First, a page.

The lifestyle choices and screenings that could reduce health challenges facing the nation’s largest generation
About 76 million people were born during the baby boom years, which range from 1946 to 1964. As the first wave of these baby boomers reaches retirement age and becomes eligible for Medicare, physicians are focusing on health concerns that will become more prevalent among this generation.
“As the Baby Boomers get older, physicians are seeing a rising incidence of some common health concerns associated with aging,” says Wilfredo Abesamis, MD, an internal medicine specialist at Scripps Coastal Medical Center. “The risks of developing some of these conditions can be reduced through lifestyle choices, and we can work together with these patients on appropriate screening for other common diseases of aging,” he adds.
Health challenges facing baby boomers
1. Type 2 diabetes
According to the Centers for Disease Control, in 2011 people ages 65-74 were diagnosed with type 2 diabetes 13 times as often as people age 45 or younger. Diabetes increases the risk of serious health problems such as high blood pressure, vision loss, kidney disease, nerve damage, foot problems, amputation and cardiovascular disease. People with diabetes are two to four times more likely to have heart disease or a stroke. Obesity is one of the leading risk factors for diabetes. With lifestyle changes and proper medical care, diabetes and its associated risks can be managed.
2. Cardiovascular Disease
Cardiovascular disease is the leading cause of death for both men and women over age 60. After age 45, the risk of developing it increases significantly. Coronary artery disease, in which the arteries that deliver blood to the heart become narrowed or blocked, is the most common type of heart disease and a main cause of heart attacks.
“Heart disease risk falls significantly when people avoid tobacco use, control their blood pressure and cholesterol through exercise and a low-fat, low-sodium diet, and maintain a healthy body weight,” says Dr. Abesamis. If you’re between ages 45 and 79, you should ask your doctor if taking aspirin might lower your risk of heart attack.
Cancer is the second leading cause of death among people age 65 and older. “Aging is associated with higher rates of lung, skin colon, breast and prostate cancer,” says Dr. Abesamis. Quitting smoking and avoiding secondhand smoke can help reduce the risk for developing lung cancer, while regular screenings for skin, colon, breast and prostate cancer can catch these diseases early, while they are still highly treatable.
Depression affects more than 6.5 million Americans age 65 or older. While many have struggled with depression throughout their lives, some may experience it for the first time later in life. “It’s important that physicians recognize the symptoms of depression are not a normal part of aging,” Dr. Abesamis says. Appropriate treatment is effective and may even lead to positive changes in brain chemistry.
5. Eye Problems
Cataracts affect nearly 20.5 million Americans age 40 and older, and by age 80, more than half of all Americans have a cataract or have had cataract surgery. Recent advancements have improved the precision and safety of cataract surgery, resulting in faster surgeries, easier and shorter recoveries, and in some cases, better vision than before surgery. In addition, untreated macular degeneration (a progressive disease of the eye) is the leading cause of blindness in people over age 55. With treatment, the progression of the disease may be stopped or slowed. Annual eye exams can help catch vision problems in their earliest stages.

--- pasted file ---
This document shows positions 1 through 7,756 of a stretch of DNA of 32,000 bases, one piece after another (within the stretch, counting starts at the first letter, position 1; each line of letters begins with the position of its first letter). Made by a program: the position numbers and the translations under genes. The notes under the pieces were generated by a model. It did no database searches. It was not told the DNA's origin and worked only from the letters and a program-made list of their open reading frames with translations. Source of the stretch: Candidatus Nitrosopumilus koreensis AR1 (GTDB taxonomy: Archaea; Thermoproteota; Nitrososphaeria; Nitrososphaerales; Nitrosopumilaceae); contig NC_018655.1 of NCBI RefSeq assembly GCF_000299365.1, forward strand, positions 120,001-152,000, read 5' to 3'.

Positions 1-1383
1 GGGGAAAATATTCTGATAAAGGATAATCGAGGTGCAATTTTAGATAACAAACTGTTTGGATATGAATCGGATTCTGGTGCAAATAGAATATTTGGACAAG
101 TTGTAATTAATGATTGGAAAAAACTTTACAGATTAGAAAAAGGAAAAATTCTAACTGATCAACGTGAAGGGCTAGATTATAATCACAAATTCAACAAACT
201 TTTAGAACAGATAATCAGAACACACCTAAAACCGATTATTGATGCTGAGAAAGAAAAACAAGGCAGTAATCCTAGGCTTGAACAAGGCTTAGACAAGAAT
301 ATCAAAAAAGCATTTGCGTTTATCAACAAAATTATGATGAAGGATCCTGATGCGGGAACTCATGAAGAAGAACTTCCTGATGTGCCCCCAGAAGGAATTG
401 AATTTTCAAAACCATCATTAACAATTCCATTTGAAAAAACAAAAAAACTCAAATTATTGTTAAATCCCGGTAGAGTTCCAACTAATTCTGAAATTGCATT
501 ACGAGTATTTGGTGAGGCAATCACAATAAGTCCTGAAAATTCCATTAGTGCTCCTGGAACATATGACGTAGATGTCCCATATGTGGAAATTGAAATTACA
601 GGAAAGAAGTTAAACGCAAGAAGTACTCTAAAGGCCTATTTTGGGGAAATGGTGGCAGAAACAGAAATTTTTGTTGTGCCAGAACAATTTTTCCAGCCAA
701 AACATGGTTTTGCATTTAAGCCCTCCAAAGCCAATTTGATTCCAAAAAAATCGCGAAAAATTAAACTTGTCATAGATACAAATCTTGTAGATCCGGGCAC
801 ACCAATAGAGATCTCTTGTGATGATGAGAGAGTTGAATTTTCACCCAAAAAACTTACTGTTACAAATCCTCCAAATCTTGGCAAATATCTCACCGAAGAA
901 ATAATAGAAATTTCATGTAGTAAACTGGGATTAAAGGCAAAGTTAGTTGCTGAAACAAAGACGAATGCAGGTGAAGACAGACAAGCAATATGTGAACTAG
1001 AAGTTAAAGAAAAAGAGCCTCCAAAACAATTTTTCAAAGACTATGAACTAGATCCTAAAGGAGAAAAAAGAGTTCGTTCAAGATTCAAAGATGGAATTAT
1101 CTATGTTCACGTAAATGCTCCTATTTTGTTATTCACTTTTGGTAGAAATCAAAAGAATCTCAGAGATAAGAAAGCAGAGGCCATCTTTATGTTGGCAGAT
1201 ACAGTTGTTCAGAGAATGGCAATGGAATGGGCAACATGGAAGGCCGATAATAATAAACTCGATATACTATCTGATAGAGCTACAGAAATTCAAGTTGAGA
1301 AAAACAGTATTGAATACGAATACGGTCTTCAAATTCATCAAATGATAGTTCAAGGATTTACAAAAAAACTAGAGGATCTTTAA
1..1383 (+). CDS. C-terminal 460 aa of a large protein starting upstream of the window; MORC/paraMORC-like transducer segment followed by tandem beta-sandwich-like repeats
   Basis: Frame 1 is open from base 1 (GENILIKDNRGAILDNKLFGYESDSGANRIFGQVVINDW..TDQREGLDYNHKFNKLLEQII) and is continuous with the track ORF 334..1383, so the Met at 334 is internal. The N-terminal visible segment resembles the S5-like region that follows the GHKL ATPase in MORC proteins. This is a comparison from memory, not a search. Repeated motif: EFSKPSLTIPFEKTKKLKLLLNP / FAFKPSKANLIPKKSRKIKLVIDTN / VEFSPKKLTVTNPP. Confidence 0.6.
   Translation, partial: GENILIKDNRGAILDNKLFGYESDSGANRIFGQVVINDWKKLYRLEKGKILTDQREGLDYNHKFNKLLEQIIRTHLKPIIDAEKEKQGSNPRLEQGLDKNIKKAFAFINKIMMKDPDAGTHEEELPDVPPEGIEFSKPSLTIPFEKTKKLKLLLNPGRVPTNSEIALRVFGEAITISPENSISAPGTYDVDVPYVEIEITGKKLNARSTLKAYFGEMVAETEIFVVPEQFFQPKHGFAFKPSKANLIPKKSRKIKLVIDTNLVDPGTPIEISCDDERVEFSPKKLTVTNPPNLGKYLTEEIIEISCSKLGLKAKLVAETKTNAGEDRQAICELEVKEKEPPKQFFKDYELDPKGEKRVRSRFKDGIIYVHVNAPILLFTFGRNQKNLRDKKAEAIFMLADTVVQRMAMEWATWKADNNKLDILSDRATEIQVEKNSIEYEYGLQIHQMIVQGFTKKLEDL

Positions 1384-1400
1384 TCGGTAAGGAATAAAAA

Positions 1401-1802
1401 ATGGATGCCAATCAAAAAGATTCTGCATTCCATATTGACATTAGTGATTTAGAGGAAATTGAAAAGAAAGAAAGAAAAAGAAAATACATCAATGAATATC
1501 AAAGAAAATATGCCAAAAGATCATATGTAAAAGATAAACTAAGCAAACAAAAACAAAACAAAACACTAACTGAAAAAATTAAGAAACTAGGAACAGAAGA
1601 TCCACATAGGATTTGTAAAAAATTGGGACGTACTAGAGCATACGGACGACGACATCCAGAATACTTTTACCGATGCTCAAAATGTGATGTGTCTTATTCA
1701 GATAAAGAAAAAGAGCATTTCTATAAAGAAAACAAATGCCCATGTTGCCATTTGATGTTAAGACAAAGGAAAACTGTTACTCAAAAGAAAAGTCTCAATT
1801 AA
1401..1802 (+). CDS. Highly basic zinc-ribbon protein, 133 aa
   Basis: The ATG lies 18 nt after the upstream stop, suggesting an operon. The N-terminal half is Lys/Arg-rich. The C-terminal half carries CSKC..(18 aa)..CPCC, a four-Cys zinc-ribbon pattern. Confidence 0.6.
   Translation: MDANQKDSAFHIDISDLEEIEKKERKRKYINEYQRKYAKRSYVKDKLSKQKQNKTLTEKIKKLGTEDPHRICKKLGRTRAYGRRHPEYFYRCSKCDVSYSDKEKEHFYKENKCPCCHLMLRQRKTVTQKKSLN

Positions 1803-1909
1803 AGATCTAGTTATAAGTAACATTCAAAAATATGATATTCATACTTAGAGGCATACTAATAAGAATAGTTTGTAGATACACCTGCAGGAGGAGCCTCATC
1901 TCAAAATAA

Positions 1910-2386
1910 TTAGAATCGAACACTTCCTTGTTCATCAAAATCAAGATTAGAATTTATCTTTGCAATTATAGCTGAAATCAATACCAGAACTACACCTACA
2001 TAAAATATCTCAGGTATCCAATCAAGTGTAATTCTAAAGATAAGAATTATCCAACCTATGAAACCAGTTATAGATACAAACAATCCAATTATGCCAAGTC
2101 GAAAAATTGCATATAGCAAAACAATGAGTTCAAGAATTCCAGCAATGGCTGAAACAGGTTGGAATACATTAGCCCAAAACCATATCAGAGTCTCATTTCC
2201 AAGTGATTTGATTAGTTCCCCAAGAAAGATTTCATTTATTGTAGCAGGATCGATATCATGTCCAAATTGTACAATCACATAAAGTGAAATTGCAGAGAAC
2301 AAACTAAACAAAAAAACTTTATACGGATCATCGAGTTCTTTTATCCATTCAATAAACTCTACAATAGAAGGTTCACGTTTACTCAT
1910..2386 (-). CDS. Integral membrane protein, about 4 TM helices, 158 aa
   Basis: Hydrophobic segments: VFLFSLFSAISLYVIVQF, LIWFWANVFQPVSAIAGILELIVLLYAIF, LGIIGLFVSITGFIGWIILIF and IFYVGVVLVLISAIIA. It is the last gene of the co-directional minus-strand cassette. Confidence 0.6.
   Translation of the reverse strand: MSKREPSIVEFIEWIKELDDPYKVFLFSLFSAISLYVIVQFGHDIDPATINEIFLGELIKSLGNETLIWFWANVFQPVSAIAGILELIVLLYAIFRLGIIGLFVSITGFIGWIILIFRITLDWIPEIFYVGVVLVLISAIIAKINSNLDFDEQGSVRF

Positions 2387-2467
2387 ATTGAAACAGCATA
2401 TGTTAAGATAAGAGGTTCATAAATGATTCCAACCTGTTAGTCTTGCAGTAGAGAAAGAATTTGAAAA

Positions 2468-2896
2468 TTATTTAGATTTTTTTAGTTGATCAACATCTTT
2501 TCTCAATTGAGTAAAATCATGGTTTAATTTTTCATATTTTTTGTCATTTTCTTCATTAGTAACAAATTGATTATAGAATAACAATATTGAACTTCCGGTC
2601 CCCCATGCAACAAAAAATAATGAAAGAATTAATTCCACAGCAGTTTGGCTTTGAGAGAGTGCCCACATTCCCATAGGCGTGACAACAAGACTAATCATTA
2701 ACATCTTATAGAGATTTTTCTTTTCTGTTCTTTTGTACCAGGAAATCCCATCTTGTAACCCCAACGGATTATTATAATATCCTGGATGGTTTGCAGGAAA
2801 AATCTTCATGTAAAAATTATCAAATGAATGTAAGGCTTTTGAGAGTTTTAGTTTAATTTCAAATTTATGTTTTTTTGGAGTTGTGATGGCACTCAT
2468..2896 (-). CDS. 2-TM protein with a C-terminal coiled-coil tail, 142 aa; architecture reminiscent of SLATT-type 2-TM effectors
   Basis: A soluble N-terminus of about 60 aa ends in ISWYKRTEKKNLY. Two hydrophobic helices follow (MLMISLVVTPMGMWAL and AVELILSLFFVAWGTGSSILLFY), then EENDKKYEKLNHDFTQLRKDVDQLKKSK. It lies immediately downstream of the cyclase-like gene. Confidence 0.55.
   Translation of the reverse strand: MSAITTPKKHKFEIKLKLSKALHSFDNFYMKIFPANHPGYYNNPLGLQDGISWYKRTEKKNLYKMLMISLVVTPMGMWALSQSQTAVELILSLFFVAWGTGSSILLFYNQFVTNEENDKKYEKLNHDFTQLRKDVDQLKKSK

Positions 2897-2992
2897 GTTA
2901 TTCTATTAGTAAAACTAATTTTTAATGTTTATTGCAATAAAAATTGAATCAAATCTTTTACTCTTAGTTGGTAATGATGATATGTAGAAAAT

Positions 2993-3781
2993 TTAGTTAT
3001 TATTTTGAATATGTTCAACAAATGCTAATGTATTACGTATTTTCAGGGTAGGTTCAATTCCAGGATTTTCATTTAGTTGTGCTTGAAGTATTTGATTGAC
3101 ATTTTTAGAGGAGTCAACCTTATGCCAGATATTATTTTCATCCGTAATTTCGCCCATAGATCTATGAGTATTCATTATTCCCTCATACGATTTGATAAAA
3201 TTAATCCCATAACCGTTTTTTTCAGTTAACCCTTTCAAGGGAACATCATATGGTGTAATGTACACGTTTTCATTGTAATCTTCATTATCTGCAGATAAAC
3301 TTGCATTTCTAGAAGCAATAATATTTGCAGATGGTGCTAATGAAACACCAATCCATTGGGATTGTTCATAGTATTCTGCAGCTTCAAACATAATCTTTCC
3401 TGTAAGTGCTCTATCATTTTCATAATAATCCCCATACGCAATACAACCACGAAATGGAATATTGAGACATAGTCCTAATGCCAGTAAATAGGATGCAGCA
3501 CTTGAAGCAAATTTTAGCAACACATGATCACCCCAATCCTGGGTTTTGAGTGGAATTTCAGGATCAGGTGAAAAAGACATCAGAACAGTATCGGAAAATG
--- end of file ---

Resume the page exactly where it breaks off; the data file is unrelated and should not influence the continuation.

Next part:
6. Alzheimer’s disease
The sixth leading cause of death in the U.S., Alzheimer’s disease is most common in people age 65 and older. But up to 5 percent of people begin to experience symptoms in their 50s or even their 40s. “Emerging evidence suggests a close link between brain health and overall health of the heart and blood vessels,” says Dr. Abesamis. While Alzheimer’s disease currently has no known cause or cure, a healthy cardiovascular system can help to ensure that plenty of nutrient-rich blood reaches the brain.
7. Arthritis and Joint Replacement
When the cartilage that cushions your bones at the joints begins to break down, the bones begin to rub together. The resulting pain, swelling and stiffness is called osteoarthritis. While it is a normal part of aging, it can also be caused by damage due to physical activity over a long period of time. Treatment ranges from pain medications to joint replacement.
After age 50, as many as half of all women will break a bone due to osteoporosis. By age 65 or 70, men and women lose bone mass at the same rate, with a similar decrease in the amount of calcium their bones absorb. Tobacco and alcohol use earlier in life can increase risk, as can being underweight. Talk to your doctor about calcium supplements and other treatments that can help prevent osteoporosis.
Influenza and pneumonia and are among the top 10 causes of death for older adults. Annual vaccinations are now widely available for both diseases and are usually covered by health insurance or available at a very low cost. Ask your doctor if you should be vaccinated.
10. “Sandwich Generation” Stress
In addition to caring for their own families, many boomers are caring for elderly parents as well. The stress of being a dual caregiver can be significant, especially on individuals who are also working outside the home, struggling financially, or dealing with other challenges. “It’s important to take care of yourself first,” says Dr. Abesabis. Make an effort to get enough sleep, eat right, and exercise regularly.
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